• Sean Kennedy
    2018-12-03 11:01

    I was looking forward to this book as it is YA set in my city, but yeesh. It just seems odd that in this day and age there can be an extended gay joke running throughout a scene which seems offputting and homophobic and started by the protagonist. She tells another character that he's dressing 'gay' and has a momentary "oh I'm not homophobic but he DOES look gay" interior monologue which is then followed by the guy walking out on the street and immediately someone yelling out "FAGGGGGGGOOOOOTTT!" from a passing car.And that's it. So, the protagonist is proved right. There's no discussion. The scene ends with 'faggot' as the punchline. Is this meant to be funny? If so, guess what, using homophobia as a joke is nothing new, original or hilarious. I expect better from YA, especially from Text Publishing who usually produce great books.

  • Ameya
    2018-11-18 05:04

    I enjoyed this story, but I didn’t want to read it all night. There was an interesting protagonist in Jake, an angsty teenage girl, who doesn’t always treat her friends well, and a second male lead in Tom. Yep. There is a triangle – but not in the strictly romantic sense as Jake’s intentions are kept cloaked.There are the Gods versus the old inhabitants of Atlantis –now living under the sea, decaying and covered in verdigris, and wanting to reclaim the Earth.The best parts:1. Tight writing2. Good plotting in spurts; there is something happening on every page, and there are unexpected twists and turns. The book won the special, prestigious Text prize for YA in Australia. Maybe, it was for the tight writing and page-turner elements. 3. Interesting use of a Minotaur4. A good villainess who was out of the mainstream.The not so good parts:1. Jerky points in the plot where there was action but no tension or real outcome. An example is the pages devoted in the headquarters of the God Squad, where nothing really happened.2. What was the point of the God Squad? Their purpose fizzled out. Or maybe it wasn’t explained clearly enough for this reader.3. The purpose of the box and the demon – what was it in the end?4. What happened in the denouement? It felt flat. Where were the Gods? Are they going to make an entrance in the next instalment of the series?All in all, I found it an okay read – not a great read. However, there were gaps in the plotting. Will I read the next book? The blurb will decide it for me.

  • Sue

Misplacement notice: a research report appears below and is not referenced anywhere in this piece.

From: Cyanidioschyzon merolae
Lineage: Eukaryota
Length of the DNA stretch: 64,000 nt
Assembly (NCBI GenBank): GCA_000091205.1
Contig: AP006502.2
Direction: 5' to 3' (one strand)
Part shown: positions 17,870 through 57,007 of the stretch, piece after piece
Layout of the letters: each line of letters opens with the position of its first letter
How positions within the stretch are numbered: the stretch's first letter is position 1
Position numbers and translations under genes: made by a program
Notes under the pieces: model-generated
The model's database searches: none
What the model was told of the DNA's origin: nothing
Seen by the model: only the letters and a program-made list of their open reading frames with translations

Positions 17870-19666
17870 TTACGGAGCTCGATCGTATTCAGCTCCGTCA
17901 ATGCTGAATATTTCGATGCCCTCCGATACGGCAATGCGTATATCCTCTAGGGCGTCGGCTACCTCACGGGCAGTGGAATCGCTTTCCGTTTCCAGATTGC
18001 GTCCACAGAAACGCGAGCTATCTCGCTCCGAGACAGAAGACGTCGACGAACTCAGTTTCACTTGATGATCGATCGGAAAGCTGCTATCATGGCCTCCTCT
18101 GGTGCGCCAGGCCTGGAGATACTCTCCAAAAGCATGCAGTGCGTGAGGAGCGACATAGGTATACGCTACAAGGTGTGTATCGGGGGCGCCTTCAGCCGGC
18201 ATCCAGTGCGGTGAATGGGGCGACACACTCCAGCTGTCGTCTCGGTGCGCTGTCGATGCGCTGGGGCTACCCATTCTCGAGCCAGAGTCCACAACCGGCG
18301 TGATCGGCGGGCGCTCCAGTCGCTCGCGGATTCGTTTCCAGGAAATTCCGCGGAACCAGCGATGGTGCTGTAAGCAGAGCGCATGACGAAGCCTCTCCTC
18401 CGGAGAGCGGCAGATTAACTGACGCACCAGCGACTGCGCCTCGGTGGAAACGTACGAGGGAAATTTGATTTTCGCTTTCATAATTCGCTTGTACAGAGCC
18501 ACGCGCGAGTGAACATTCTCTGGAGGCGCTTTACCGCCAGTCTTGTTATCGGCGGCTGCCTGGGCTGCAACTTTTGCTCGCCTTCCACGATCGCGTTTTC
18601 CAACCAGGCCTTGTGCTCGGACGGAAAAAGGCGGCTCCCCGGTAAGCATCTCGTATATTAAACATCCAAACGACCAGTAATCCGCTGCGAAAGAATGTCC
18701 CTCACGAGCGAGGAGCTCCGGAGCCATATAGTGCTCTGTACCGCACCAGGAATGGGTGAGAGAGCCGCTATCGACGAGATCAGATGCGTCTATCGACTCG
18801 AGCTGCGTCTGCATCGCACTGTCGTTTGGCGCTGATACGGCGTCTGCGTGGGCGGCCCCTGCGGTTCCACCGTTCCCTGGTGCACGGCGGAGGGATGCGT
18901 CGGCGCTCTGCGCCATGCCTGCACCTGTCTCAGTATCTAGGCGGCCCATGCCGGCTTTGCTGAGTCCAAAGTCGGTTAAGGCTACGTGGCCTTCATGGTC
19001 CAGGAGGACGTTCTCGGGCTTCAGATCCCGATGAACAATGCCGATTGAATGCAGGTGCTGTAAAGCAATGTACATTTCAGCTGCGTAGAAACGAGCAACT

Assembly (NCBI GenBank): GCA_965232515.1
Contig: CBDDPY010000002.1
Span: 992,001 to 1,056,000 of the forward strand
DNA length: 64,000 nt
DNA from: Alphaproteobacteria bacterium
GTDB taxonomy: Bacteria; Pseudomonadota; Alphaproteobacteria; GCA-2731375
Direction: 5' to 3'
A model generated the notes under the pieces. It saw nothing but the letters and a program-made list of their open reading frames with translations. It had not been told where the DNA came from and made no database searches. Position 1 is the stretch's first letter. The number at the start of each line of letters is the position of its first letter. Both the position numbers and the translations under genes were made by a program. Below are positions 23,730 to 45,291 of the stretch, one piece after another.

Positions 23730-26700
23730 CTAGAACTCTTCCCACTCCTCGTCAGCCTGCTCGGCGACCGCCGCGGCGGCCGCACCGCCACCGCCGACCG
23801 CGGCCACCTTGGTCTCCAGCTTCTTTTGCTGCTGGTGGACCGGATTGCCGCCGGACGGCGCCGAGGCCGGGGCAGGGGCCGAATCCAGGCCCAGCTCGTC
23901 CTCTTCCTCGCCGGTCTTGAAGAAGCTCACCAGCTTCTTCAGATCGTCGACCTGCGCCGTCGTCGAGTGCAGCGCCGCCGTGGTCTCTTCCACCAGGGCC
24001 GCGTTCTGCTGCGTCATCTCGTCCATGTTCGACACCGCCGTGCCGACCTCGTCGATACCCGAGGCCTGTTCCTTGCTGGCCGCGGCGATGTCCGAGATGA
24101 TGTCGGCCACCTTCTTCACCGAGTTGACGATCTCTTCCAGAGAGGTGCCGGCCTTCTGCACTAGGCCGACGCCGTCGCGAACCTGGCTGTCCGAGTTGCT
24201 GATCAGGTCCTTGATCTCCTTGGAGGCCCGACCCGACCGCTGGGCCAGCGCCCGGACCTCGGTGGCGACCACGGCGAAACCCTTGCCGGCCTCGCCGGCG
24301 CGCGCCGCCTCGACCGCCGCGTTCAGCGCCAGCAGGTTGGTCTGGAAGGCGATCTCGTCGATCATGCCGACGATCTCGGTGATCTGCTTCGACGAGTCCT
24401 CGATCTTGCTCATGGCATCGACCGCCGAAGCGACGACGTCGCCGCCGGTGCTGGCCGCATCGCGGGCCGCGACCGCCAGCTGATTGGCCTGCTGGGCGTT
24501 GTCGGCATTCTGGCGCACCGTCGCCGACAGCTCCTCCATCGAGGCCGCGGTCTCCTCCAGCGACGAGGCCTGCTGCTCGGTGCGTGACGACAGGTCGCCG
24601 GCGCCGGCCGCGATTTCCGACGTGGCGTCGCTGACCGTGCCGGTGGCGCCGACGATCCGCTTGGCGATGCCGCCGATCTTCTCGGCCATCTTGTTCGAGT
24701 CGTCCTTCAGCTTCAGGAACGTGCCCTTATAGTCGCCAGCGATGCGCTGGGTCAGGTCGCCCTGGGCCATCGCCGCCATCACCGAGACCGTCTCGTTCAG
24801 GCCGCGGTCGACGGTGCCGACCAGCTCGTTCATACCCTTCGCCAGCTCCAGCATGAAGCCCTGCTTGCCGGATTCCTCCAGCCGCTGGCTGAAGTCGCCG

2018-11-28 05:09

    Wow. This book was full of surprises. The sense of unease Myke Bartlett crafted was palpable within the first few pages. I was really scared (which I loved) right from the get go. The way he turned an idyllic seaside setting in Perth into something menacing was fantastic. Central character, Sadie, witnesses a disturbing attack on an old man who later dies. Then she finds out the old coot has left her his house and possessions in his will! "Is this a ghost story?" I wondered. As I continued to read, it became apparent that this story was about to veer in an unexpected direction. I love it when that happens to me. Instead of being embroiled in what I thought was going to be a zombie/alien/ghost scenario, Bartlett instead creates a horrific Percy Jackson flipside full of gods, demons and guardians in a pitched, bloody battle of good and evil. No spoliers but I adored the protagonist, Sadie, very much- as well as her best mate Tom who reminded me of LOTR's Sam in his devotion to Sadie. The broody, dangerous and mysterious Jake was also a delight. This was a thrilling roller coaster ride from start to finish. More please!Ages 14 & up

  • Mel Campbell
    2018-11-11 05:07

    What struck me most about Fire in the Sea was its cinematic quality. I found I could vividly imagine the action as if on a screen; it had the same sense of tension and dramatically visual approach. The action scenes were handled beautifully. I also found myself struck by the economical elegance of certain sentences and descriptions; one that sticks with me is "That bike of hers had never moved so fast." Just a simple sentence, but another author might have written, "Her bike sped down the street."In these kinds of stories, where the fantastical intrudes into the everyday, it's so easy for things to seem corny or melodramatic, but I enjoyed Bartlett's ear for the way a real teenager – and by extension, a real reader – might respond. Sadie is obviously our surrogate in the story, but for me the dialogue between the young characters rang true, and I liked the way potentially ridiculous events are defused by gentle situational humour.Looking forward to the sequel!